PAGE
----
On the English application dealing with the injunction, the Court of Appeal took a different approach to the Finnish court and held that the arbitration clause did bind New India. Furthermore, the Convention did not apply to any court proceedings or judgments in which the principal focus of the matter was "arbitration". That expression included proceedings concerning the validity or existence of an arbitration agreement, the appointment of arbitrators, ancillary assistance to arbitration proceedings, and the recognition and enforcement of awards. On the facts of the case, however, the court declined to restrain the Finnish proceedings.


English remedies remain available to litigants, albeit that their scope has been reduced, and the grant of a remedy will depend on the facts of each case. Perhaps the most obvious point to note is that parties will always be in a more certain position where jurisdiction has been agreed in advance by the parties. To date, the English courts have held that arbitration clauses do not fall within the terms of the Regulation and remain able to stay proceedings and/or enjoin foreign proceedings that are in clear breach of an arbitration clause.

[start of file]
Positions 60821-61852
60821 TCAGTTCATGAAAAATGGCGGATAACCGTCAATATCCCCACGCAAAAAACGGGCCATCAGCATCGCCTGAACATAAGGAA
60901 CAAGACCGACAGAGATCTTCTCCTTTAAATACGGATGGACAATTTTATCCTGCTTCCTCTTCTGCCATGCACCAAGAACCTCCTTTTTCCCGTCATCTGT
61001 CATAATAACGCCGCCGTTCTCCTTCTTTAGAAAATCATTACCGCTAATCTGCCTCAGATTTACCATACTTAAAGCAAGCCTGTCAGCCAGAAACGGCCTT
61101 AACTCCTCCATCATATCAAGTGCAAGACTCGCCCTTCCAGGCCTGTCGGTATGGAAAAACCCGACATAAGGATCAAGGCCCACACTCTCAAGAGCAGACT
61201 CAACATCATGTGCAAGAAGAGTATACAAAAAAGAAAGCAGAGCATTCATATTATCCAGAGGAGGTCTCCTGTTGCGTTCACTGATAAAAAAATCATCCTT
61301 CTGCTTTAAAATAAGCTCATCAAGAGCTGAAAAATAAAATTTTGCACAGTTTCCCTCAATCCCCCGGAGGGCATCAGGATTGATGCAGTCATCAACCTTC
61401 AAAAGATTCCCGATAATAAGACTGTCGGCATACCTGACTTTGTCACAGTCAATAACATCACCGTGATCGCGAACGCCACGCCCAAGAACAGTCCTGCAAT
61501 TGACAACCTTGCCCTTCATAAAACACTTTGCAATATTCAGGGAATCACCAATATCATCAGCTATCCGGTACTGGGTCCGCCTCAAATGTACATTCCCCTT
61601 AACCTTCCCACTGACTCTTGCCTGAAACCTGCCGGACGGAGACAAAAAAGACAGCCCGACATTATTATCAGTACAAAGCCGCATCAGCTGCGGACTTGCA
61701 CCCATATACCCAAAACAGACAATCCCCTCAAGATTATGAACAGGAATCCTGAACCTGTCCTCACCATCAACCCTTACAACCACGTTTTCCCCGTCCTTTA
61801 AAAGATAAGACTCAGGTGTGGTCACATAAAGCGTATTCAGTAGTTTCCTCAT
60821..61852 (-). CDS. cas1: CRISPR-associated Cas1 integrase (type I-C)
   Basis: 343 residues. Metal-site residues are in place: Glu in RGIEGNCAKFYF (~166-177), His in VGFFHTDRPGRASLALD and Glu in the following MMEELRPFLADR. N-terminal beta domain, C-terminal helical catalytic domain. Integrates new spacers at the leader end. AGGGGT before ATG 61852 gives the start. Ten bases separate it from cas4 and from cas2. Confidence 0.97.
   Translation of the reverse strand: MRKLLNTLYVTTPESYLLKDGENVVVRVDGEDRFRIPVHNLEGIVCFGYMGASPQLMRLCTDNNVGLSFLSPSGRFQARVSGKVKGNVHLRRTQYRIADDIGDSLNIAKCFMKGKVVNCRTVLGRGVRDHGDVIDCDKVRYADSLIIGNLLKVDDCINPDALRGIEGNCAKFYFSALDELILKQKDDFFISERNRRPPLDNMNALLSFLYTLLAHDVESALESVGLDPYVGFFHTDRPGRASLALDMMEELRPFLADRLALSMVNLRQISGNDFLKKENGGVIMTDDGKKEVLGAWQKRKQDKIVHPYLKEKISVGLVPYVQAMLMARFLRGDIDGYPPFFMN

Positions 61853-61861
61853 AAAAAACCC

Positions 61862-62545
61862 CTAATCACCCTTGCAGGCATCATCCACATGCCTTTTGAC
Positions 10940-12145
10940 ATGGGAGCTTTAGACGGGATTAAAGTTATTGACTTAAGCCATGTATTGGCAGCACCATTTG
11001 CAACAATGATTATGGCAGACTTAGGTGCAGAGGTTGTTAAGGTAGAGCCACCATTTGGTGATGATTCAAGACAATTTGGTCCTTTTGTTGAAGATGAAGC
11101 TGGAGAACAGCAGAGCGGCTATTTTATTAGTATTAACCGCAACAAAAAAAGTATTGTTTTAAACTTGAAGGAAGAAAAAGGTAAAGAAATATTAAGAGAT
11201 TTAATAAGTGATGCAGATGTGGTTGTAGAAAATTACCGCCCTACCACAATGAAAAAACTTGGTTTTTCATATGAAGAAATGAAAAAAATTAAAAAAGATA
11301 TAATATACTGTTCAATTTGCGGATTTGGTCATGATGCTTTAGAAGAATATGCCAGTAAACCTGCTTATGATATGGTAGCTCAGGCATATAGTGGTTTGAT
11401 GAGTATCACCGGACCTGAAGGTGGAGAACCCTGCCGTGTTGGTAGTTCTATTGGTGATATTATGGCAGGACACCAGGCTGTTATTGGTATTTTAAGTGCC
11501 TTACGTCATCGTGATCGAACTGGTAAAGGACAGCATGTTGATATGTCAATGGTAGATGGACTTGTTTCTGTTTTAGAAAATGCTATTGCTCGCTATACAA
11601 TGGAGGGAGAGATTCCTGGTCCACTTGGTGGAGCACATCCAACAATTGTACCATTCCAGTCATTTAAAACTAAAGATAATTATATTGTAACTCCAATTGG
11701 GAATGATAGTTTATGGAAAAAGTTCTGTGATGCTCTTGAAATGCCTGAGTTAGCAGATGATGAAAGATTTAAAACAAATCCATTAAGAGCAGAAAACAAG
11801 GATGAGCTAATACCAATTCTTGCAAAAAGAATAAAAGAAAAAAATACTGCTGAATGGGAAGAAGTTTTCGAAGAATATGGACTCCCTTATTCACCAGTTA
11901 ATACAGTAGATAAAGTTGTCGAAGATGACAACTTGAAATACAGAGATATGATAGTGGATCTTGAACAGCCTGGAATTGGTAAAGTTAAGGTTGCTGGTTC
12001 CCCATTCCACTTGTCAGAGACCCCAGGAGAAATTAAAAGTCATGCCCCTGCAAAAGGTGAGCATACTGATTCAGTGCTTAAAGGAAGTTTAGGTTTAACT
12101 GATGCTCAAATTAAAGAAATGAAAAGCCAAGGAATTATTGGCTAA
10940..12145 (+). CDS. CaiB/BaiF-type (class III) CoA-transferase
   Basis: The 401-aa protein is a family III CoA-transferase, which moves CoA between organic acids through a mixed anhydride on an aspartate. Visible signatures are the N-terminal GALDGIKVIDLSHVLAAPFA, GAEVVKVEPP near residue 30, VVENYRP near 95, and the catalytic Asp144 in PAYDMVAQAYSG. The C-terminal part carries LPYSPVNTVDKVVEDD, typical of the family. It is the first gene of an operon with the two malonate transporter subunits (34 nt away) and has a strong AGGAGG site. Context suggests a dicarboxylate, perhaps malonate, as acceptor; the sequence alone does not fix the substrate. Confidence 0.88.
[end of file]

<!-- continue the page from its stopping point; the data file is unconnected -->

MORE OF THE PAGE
As regards litigation, if an express jurisdiction clause is agreed, the English courts will no longer be able to enjoin proceedings brought by the other party in breach of the jurisdiction clause, if the other proceedings are brought in a Regulation country. If the other proceedings are brought in a non-Regulation country, an injunction remains available.

If there is no express jurisdiction or arbitration clause generally the correct forum is the state where the defendant is domiciled. The ECJ has been rigid in enforcing this rule, even where another forum is clearly more appropriate.

- Michael Mendelowitz is a partner and Kiran Soar an associate in the Reinsurance & International Risk team at Barlow Lyde & Gilbert.